|Aircraft Number 216|
|Manufacturer's Serial Number||100 -016|
|Production Variant Number||102|
|Maiden Flight||20th April 1979 : Filton, England|
|British Airways delivery||9th June 1980|
|Registration history:-||First Registered as G-BFKX on 27th January 1978 to British Aerospace|
||14th December 1979 aircraft re-registered as G-N94AF/ G-BOAF by British Aerospace|
||12th June 1980 aircraft re-registered as G-BOAF by British Airways|
||De-Registered - 4th May 2004|
|Final Flight||November 26th 2003 - LHR - FILTON (final ever flight of a Concorde)|
|Hours Flown||18,257 Hrs|
Retired from passenger service to Filton Airfiled, Bristol.
Instorage pending new museum being built.
Concorde 216 was purchased by BA as their 6th Concorde, although sold by British Aerospace for a token sum rumourded ot be £1000 + 10,000FF for the airframe and £100 + 1000FF for each engine).
BA then paid the full costs of over a Million pounds for their own Buyer Furnished equipment, such as radios, nav gear, galleys, seat etc.. On entry into service is was pretty much the same as the original 5 a/c.
On April 12th 1989, while flying from Christchurch to Sydney, G-BOAF was the first Concorde to suffer a rudder seperation failure where part of the upper rudder section was lost in flight. Over the next few years similar events occured on other aircraft leading to all BA and Air France Concordes being fitted with brand new upper and lower rudders at a cost of many millions of Pounds.
G-BOAF was the first aircraft to be fitted out with the present leather seats and refurbished interiors in May1993. This interior will soon be updated to an even newer design in time for the return to service.
This aircraft was also the first in the fleet to be painted into the new Britsh Airways 'Utopia' livery and wears the Union Flag scheme, which is offically called Chatham Historic Dockyard. This scheme was initially on intended to be used only on Concorde but will eventually be displayed on all BA tailfins. As 'Alpha-Foxtrot' was the first aircraft to use this livery it is this aircraft we see in ther majority of BA's publicity material and also the current air to air shots.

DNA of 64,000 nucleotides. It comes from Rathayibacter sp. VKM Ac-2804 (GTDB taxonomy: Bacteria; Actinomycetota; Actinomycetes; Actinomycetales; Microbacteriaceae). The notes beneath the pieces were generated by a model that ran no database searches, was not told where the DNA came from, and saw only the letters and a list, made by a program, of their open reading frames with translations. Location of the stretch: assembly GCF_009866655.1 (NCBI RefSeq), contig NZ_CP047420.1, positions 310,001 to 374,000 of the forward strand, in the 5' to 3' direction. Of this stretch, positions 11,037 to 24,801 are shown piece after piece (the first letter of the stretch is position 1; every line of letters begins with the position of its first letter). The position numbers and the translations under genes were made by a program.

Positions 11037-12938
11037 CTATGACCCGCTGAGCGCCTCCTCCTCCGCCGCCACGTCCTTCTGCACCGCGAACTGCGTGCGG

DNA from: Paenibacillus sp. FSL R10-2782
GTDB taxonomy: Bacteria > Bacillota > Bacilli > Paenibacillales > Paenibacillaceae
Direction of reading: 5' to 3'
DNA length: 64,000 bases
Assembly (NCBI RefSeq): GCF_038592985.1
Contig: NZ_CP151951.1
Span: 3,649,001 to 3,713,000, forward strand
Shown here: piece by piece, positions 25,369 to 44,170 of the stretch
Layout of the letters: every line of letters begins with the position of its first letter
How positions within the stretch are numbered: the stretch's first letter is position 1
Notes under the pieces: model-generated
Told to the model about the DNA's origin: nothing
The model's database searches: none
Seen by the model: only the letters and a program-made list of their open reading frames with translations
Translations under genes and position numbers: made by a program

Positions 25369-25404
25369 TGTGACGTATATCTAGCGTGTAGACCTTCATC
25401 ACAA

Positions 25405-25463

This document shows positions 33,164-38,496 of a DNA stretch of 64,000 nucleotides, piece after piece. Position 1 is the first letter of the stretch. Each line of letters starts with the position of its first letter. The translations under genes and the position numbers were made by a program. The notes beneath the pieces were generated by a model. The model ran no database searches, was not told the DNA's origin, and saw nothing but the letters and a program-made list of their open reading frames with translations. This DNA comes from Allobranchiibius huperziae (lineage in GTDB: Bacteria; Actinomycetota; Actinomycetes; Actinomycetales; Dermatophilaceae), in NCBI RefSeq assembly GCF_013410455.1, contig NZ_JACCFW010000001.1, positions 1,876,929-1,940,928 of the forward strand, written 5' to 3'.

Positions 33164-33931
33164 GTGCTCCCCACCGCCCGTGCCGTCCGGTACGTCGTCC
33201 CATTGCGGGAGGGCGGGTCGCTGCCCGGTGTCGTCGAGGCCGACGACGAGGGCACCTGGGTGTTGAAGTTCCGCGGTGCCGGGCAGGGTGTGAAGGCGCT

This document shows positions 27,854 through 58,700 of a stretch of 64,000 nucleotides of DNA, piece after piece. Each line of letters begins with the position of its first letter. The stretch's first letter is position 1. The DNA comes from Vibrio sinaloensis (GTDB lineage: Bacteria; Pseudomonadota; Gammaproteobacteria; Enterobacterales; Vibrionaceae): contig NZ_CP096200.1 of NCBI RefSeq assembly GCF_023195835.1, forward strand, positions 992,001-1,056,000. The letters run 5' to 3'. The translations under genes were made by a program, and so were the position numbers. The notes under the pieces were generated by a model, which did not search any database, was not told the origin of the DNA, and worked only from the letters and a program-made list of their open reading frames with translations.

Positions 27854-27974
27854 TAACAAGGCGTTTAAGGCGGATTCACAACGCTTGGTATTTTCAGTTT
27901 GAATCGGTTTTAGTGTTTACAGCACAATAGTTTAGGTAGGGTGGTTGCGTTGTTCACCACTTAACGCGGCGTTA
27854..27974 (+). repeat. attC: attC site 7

Concorde 216 was chosen by British Airways to be its lead aircraft in their Return to Flight programme and was the first to be fitted with the newly developed Kevlar-rubber fuel tank liners. Electrial wiring around the landing gear was also strengthened.
|Clicking on thumbnail brings up full picture|
|G-BOAF lines up for departure on runway 27R at Heathrow. April 24th 2002||
216 : G-BOAF takes off bound for JFK in July 2000.
Picture courtesy of Paul Robinson
|G-BOAF stars in one of the current BA Concorde PR shots||Seen here in the British Airways technical maintenace area at Heathrow, G-BOAF is about to be towed to Terminal4.|
|G-BOAF in an interesting livery. It is in the BA 'red tail' colours but without the cheat stripe.
Picture courtesy of 'BobP'
G-BOAF in the 1980's "British" variant of the British Airways livery 'flys-past' at the Farnborough Airshow in 1982.
Picture courtesy of John Kelly
216 : G-BOAF prepares to depart from New York on June 29th 2002
Picture courtesy of Andrew Dyke
The Cockpit G-BOAF during a flight shortly after the Air France accident 2 days earlier on July 25th .
Picture courtesy of Stephen O'Connell
|G-BOAF arrives into Heathrow on a late summers evening, June 29th 2002||
Concorde G-BOAF takes off from Heathrow on the first verification flight on July 17th 2001
Picture courtesy of Paul Dopson